Virginia Domestic Violence Arrests
When Virginia police officers are dispatched to a domestic disturbance and they arrive and it appears clear to them that some form of assault has taken place or some form of domestic violence has taken place, they are required under their general orders to arrest the person they believe committed the act. Once this has taken place, getting the help of an experienced domestic violence attorney is very important.
How Arrests Take Place
The majority of arrests that take place in Virginia are actually quite similar to arrests involving domestic violence because the majority of arrests do not come after an arrest warrant has been issued. Police can arrest people without a warrant under a great many conditions under the laws of Virginia.
There are some cases where the police must obtain an arrest warrant prior to arresting a person. The majority of cases in Virginia do not require an arrest warrant before an arrest is made.
Probable cause is bigger than Virginia law. It is a constitutional term that requires police to have a reason to believe that some crime has been committed. Probable cause is a very gray area and is one of those things that legal scholars debate furiously as to what level of proof is required. Generally speaking, it is accepted that one word to gauge proof is zero being no proof whatsoever and 100 being incontrovertible proof. Probable cause is somewhere in the 40s.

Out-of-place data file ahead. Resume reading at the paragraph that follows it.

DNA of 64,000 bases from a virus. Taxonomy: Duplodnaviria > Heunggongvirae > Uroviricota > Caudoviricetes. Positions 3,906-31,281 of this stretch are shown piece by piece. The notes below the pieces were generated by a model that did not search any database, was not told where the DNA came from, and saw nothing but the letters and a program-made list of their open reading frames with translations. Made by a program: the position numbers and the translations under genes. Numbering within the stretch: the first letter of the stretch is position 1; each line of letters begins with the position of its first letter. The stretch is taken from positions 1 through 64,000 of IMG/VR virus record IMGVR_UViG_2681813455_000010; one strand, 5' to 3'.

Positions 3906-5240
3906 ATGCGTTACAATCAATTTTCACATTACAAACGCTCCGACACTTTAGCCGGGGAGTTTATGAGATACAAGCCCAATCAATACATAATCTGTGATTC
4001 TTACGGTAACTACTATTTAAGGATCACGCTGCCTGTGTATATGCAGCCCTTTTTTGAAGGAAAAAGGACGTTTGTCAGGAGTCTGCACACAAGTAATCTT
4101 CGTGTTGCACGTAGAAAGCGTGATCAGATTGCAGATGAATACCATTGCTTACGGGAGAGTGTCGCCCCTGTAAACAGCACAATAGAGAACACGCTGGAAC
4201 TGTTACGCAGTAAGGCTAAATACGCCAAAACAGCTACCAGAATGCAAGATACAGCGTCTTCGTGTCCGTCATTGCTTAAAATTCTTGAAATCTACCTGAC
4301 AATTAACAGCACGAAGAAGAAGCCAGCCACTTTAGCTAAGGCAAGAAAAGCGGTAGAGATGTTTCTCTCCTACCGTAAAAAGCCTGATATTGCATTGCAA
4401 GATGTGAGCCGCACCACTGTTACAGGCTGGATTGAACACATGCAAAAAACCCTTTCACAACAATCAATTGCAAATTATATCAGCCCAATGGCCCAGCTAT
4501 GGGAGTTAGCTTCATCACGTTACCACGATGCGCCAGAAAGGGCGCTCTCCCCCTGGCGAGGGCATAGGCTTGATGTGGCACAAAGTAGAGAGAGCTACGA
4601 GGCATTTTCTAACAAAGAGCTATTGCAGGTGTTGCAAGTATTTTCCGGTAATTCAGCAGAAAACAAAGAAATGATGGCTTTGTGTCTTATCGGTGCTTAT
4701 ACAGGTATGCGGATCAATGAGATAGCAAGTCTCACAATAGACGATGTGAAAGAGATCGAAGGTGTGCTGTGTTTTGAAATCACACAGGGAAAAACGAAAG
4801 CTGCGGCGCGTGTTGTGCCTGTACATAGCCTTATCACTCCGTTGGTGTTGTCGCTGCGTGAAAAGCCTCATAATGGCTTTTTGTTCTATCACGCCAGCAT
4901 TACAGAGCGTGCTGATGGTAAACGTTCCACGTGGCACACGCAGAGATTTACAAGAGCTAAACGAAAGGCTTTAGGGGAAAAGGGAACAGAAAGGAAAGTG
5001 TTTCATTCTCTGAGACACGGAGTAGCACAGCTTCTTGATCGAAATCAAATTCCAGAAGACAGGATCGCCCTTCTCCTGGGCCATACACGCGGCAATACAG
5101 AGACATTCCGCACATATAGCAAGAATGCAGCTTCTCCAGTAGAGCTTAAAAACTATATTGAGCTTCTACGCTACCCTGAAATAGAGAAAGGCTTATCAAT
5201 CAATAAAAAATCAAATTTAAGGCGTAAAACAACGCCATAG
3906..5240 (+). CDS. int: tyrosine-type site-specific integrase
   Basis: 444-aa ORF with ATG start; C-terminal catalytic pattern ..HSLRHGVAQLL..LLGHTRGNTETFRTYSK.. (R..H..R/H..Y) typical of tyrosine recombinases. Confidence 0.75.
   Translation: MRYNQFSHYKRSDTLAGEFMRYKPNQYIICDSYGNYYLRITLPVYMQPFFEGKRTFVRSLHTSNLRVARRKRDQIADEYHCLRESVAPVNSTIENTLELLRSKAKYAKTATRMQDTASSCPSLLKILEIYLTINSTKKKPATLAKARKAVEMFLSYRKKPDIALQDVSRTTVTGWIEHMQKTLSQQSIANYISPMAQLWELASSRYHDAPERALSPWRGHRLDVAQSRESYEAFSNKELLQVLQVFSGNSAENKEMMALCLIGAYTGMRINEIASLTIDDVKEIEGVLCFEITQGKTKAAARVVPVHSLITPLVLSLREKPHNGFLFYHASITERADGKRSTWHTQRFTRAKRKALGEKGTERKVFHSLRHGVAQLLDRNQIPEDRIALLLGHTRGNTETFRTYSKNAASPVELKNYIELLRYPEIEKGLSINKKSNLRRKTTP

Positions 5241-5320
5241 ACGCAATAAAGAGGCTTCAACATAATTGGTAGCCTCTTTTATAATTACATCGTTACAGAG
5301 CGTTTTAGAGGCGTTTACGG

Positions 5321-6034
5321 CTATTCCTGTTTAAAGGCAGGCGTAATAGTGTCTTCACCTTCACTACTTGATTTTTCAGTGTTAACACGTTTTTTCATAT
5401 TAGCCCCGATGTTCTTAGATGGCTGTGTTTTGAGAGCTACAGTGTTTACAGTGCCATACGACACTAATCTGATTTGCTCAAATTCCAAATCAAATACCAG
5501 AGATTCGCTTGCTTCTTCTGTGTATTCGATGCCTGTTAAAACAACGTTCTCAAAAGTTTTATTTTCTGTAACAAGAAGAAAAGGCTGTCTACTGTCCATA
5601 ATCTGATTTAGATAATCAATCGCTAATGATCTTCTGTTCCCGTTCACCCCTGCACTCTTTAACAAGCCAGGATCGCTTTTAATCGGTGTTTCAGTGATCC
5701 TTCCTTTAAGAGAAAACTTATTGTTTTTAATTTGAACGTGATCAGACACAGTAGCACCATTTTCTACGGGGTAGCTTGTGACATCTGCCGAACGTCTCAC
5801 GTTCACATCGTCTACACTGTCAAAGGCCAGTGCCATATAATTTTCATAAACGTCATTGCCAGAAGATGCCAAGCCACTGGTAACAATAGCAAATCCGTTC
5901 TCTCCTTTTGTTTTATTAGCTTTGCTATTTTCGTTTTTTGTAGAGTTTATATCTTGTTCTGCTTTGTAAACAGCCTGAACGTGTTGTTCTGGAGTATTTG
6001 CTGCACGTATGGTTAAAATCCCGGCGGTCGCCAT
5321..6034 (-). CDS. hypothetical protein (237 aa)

Post Arrest Process
Once an arrest has taken place the individual will be physically taken into custody and usually put in the back of a police car where they are taken to the jail to meet a magistrate. The magistrate will issue an arrest warrant based upon the sworn statements of the police officer who arrested the person. Then the magistrate will consider the issue of whether or not to allow that person to post any kind of a bond so the person can be released from jail prior to his or her trial.
If the magistrate issues a bond, then they should be released shortly after they have posted that bond. However, if the magistrate decides to not issue a bond for that person, then the person must sit in jail until their trial happens or until they hire an attorney to come to court on their behalf and file a bond motion in front of a judge.
In the vast majority of these cases, the best evidence that the police have comes right from the defendant. For that reason alone, people need to not talk to the police until they have had a chance to consult with an attorney to determine whether or not it’s a good idea to talk to the police.
Contacting a Lawyer
Once a person is arrested, the police are going to continue to want to talk to that person about what happened. Having an attorney by their side early on in the process can assist them in shutting that down.
If charged, please contact an experienced lawyer today to help analyze and build a case.